Final Exam: 12/22 3:45-5:45

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Some quick updates this week:

  • While we don’t have formal classes next week, I’ll have special office hours during class time on Tuesday 12/15 and Thursday 12/17. Office is Carman 398. We can also chat via Skype/Google Hangouts during those times. email me for an appointment if you want to do the online option.
  • I’ll be emailing papers back to whatever address you used to send it to me. Look out for it.

     
    As a reminder, the final is scheduled for Tuesday, December 22, 3:45-5:45 PM in the regular classroom. in the regular classroom and you might want to check Lehman’s exam schedule (PDF file) for your other classes as well. Be sure to arrange for childcare/ time off work/ whatever you need to do now, as there will be no make-ups, except for extraordinary circumstances. Unless you can provide a hospital or arrest record (your own, not a family member’s), you get no make-up. “My family bought plane tickets to go on vacation” or similar is not an extraordinary circumstance in my book. Consider college a job and be up front with family, friends, etc. about what that commitment means.
    The last class was a formal review session for the final. I won’t post detailed notes for that online or answer e-mails on it since I’ve already spent a lot of time on prep, so please get notes from a classmate who was there if you missed it.

    About the final exam …

  • You’re encouraged to (re)read my guide to final exams, “Zen and the Art of Finals” (PDF) if you haven’t already.
  • Format is 3 essays around major themes we’ve seen in readings all semester. Refer to the handout of the sample exam and question handed out in class for specifics.
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    Week of 12/10: Assata conclusion and Final exam review

    220px-AssatabioRemember that papers are due Friday 12/6 by Midnight Eastern Standard Time via e-mail. This week we finish the autobiography of Assata Shakur. For Tuesday 12/10, finish Assata. Again, make sure to pay attention to the various poems she includes in the story on pages 240 (“Current Events”), 259 (“To My Daughter Kakuya”), and 263 (“The Tradition”). Think also about the themes that we’ve been talking about so far and how Assata’s work fits into the context of urban narratives and themes of immigration/migration, return home, urban space, etc. Consider this prep for the final exam. If you read this carefully, it’s one less thing you’ll need to study.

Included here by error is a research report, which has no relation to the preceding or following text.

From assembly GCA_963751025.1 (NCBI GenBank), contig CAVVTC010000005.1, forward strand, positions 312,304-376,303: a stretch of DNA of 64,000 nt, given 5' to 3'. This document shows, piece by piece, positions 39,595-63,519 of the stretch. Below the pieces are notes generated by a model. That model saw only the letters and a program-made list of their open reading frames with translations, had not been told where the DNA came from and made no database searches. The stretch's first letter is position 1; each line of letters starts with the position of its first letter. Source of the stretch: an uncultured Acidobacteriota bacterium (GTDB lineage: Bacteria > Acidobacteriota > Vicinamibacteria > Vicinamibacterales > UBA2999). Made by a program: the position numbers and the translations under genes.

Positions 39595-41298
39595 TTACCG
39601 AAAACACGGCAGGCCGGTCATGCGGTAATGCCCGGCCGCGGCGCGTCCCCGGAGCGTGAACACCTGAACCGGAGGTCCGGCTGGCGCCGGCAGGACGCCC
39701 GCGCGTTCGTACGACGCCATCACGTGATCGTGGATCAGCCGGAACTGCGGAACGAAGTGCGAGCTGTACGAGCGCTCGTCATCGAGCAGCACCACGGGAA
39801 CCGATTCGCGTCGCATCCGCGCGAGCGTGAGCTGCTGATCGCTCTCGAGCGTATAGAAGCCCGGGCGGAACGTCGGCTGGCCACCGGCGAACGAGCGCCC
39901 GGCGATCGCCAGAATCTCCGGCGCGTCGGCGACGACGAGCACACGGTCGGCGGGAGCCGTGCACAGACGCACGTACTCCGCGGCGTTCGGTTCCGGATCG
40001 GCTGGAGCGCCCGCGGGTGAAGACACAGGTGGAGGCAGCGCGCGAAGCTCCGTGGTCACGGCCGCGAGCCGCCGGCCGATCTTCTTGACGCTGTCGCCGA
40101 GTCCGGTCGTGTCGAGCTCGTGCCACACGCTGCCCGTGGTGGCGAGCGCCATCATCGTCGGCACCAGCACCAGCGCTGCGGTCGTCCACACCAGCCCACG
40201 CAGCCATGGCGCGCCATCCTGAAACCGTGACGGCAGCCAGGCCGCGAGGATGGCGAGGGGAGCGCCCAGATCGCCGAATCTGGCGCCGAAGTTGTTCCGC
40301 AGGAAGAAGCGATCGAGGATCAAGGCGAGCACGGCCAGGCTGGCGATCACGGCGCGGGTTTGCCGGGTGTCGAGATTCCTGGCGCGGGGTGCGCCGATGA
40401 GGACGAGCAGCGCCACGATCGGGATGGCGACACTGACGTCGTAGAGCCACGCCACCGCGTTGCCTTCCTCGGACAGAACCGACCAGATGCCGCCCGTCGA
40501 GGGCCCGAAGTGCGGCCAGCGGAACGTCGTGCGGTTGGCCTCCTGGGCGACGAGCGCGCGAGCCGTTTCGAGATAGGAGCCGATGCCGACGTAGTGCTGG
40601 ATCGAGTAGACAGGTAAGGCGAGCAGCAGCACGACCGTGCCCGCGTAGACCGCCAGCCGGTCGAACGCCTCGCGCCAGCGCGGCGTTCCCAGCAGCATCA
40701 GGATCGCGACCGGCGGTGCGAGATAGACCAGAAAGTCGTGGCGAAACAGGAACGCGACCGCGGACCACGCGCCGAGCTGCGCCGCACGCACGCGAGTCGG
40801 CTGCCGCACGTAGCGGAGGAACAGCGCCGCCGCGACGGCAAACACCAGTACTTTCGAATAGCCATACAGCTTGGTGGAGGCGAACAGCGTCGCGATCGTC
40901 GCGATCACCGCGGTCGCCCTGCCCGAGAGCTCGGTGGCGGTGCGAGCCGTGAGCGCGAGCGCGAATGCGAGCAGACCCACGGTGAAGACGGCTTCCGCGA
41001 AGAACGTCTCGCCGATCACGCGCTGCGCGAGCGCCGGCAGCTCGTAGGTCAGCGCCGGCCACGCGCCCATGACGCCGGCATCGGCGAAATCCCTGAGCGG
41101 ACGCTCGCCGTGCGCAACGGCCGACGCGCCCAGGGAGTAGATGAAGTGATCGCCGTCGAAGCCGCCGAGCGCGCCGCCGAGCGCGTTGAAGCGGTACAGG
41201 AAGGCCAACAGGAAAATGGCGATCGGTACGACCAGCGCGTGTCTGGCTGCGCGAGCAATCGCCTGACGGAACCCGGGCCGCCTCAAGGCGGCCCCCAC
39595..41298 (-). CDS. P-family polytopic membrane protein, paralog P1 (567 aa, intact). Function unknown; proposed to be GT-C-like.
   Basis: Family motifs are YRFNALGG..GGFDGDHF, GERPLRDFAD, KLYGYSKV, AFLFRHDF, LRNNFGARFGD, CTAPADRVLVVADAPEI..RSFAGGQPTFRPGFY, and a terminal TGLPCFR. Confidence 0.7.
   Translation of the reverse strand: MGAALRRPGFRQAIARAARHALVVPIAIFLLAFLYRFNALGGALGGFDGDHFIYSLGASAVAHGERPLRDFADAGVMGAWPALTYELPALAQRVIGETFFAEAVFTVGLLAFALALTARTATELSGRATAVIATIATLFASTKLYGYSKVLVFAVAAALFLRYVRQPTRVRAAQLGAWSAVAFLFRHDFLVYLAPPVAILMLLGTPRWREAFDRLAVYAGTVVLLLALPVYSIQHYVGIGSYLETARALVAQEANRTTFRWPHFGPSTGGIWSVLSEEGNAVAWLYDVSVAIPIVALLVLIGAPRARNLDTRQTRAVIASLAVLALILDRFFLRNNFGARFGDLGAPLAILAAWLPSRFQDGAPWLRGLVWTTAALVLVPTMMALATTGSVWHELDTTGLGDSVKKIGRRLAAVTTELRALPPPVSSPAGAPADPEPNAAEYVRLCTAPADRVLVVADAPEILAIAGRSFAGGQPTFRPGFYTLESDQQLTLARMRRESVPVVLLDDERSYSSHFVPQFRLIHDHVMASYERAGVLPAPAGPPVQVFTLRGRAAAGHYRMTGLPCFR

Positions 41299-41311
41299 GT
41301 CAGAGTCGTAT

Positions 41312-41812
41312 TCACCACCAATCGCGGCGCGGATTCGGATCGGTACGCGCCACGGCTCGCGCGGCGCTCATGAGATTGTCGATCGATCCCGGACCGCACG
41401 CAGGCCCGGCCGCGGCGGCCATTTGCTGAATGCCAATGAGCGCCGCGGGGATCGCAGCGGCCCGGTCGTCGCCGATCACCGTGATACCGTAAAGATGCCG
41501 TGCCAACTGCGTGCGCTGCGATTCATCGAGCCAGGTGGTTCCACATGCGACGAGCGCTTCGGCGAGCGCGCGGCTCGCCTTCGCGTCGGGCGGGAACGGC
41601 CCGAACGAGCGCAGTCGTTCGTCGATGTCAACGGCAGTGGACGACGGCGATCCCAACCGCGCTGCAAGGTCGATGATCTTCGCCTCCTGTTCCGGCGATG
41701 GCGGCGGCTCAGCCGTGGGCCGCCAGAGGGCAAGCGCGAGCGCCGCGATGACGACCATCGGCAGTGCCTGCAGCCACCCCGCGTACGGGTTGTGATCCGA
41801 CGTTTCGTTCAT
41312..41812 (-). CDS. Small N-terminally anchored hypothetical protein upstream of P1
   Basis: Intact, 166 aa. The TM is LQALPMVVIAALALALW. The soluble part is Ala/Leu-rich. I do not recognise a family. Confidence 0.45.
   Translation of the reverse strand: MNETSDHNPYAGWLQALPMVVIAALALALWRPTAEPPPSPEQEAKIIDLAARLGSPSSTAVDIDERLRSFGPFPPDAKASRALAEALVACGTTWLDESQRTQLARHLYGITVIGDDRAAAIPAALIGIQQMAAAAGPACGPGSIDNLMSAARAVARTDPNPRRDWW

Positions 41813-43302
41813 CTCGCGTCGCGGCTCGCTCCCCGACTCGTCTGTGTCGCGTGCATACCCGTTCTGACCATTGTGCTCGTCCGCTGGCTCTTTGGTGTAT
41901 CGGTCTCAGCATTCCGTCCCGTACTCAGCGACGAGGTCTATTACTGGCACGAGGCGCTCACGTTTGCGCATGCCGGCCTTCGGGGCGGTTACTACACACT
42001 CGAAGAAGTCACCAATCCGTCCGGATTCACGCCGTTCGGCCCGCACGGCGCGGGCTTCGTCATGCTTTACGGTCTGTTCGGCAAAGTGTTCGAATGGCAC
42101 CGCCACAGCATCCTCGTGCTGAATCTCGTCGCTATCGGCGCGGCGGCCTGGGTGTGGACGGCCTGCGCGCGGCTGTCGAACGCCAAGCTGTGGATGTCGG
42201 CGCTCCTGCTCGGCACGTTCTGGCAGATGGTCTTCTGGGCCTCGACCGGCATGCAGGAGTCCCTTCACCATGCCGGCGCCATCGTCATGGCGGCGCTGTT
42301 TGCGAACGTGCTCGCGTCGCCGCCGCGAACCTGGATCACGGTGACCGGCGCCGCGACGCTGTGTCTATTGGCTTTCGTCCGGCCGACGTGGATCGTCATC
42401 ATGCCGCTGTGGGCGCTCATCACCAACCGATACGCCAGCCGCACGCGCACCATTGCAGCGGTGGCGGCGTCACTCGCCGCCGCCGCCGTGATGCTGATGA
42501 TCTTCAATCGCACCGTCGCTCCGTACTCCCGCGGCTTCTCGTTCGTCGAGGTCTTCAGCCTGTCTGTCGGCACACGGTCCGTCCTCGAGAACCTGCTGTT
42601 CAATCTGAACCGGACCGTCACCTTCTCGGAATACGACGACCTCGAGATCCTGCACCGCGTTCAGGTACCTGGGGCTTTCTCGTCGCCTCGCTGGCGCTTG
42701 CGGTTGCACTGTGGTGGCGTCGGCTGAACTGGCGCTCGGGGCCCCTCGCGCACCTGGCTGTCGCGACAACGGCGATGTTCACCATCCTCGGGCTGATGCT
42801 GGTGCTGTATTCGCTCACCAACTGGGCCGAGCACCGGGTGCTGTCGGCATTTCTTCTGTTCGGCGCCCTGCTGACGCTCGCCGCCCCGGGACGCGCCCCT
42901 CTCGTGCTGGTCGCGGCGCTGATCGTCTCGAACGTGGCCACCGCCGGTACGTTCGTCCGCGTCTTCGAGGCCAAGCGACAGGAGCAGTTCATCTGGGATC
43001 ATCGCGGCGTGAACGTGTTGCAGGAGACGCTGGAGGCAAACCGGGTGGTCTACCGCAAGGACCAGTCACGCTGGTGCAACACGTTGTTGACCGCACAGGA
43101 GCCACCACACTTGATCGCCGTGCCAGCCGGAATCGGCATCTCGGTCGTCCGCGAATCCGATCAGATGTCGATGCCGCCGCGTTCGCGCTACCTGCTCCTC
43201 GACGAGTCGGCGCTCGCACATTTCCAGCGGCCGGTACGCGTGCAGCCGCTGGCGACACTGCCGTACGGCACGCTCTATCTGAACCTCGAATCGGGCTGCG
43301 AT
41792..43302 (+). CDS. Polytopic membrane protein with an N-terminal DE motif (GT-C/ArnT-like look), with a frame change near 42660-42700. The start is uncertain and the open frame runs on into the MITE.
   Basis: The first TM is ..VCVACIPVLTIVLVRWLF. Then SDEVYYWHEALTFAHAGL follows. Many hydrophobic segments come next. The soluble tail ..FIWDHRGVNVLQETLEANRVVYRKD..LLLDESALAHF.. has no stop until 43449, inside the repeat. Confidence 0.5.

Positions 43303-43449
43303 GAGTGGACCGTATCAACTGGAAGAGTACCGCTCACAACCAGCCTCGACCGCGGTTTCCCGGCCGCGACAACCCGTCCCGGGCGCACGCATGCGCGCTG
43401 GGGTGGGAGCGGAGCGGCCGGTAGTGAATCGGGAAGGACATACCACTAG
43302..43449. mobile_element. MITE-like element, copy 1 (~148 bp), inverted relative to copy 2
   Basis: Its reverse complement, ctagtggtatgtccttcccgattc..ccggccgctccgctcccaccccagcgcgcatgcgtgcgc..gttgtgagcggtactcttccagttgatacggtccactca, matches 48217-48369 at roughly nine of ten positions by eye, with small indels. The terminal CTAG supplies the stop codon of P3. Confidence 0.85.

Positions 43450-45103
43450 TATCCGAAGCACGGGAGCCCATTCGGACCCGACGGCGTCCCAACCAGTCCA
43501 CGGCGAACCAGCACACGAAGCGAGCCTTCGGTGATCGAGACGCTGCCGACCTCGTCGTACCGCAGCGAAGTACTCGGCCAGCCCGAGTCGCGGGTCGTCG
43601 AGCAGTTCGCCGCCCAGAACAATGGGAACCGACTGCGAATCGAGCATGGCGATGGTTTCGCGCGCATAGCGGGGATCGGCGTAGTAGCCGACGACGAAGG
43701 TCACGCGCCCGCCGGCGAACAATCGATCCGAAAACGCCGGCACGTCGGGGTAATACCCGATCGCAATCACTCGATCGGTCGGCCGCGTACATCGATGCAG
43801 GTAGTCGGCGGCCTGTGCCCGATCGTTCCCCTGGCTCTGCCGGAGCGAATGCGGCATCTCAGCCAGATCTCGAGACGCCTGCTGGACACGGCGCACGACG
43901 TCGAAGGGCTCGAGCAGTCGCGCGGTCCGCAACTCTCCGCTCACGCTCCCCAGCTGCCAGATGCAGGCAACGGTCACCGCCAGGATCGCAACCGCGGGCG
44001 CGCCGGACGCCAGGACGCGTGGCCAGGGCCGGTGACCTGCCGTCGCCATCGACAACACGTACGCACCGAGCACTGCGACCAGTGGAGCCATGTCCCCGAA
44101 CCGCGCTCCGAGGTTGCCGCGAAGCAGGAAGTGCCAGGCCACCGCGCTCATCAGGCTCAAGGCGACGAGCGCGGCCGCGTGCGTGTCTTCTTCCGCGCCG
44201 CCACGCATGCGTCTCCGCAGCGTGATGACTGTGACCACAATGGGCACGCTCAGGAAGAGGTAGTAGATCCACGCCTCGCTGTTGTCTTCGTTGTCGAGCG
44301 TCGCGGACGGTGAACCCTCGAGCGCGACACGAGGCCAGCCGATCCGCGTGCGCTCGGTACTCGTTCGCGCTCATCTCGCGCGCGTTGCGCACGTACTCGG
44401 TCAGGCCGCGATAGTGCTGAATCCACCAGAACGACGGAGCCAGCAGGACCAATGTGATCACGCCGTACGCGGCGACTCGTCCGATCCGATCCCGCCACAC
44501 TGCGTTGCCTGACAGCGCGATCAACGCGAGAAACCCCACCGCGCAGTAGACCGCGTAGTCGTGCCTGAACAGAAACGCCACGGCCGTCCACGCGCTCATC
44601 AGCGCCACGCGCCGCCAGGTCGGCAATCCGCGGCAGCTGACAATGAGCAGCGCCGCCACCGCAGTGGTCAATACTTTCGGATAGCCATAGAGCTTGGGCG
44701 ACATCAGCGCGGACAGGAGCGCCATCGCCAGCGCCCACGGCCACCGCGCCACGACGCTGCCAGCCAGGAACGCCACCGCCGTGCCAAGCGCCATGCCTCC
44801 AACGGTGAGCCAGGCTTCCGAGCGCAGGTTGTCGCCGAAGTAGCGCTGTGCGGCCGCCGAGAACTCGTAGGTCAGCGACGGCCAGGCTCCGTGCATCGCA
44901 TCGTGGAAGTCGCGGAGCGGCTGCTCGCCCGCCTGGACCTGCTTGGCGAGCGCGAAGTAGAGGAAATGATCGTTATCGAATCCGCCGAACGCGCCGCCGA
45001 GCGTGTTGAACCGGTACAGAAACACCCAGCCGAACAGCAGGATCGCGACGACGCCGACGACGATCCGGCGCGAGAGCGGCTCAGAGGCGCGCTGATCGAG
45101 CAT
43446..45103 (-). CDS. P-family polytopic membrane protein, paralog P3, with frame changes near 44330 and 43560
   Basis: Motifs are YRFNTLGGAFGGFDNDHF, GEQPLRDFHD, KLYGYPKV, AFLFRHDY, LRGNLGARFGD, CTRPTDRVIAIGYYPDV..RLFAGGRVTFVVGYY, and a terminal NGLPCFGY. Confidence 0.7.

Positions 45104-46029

For Thursday 12/12 (re)read my guide to final exams, “Zen and the Art of Finals” (PDF), which will help you begin to prepare for our final (and hopefully others as well). Think about major themes that we’ve been talking about all semester and bring questions to the class. We’ll spend the last class reflecting on the semester and have an open prep/ study session for the final exam.

    As a reminder, the final is scheduled for Tuesday, December 17, 3:45-5:45 PM in the regular classroom. Be sure to arrange for childcare/ time off work/ whatever you need to do now, as there will be no make-ups, except for extraordinary circumstances. Unless you can provide a hospital or arrest record (your own, not a family member’s), you get no make-up. “My family bought plane tickets to go on vacation” or similar is not an extraordinary circumstance in my book. Consider college a job and be up front with family, friends, etc. about what that commitment means.

    Week of May 6: Assata, continued

    220px-AssatabioThis week we continue with our last book of the semester, the autobiography of Assata Shakur. For Monday 5/6, read my guide to final exams, “Zen and the Art of Finals” (PDF), which will help you begin to prepare for our final (and hopefully others as well). In Assata, read pages 118-172 (chapters 7-11). Again, make sure to pay attention to the various poems she includes in the story on pages 130 (“Love”), 140 (“Stranger”), 146 (“Leftovers: What is Left”), 159 (“Culture”) and 163-4. Think also about the themes that Don Ramon of Rutgers raised in his talk today and if these return in the text. Think about her long speech to the court on pages 166-70. What does this show about her development as a person and a woman? Also think about what the “American Dream” represents to her.

    s200_mary.phillipsFor Wednesday 5/8 Mary Phillips of Lehman’s African and African American Studies Department joins us as a guest speaker for Assata. She’ll discuss Assata as a Black Feminist text and talk about some of the political aspects of the book. Read pages 173-215 (chapters 12-14) to prepare. Pay attention to the “To My Momma” poem on p. 193 and her description of her time as a CUNY student.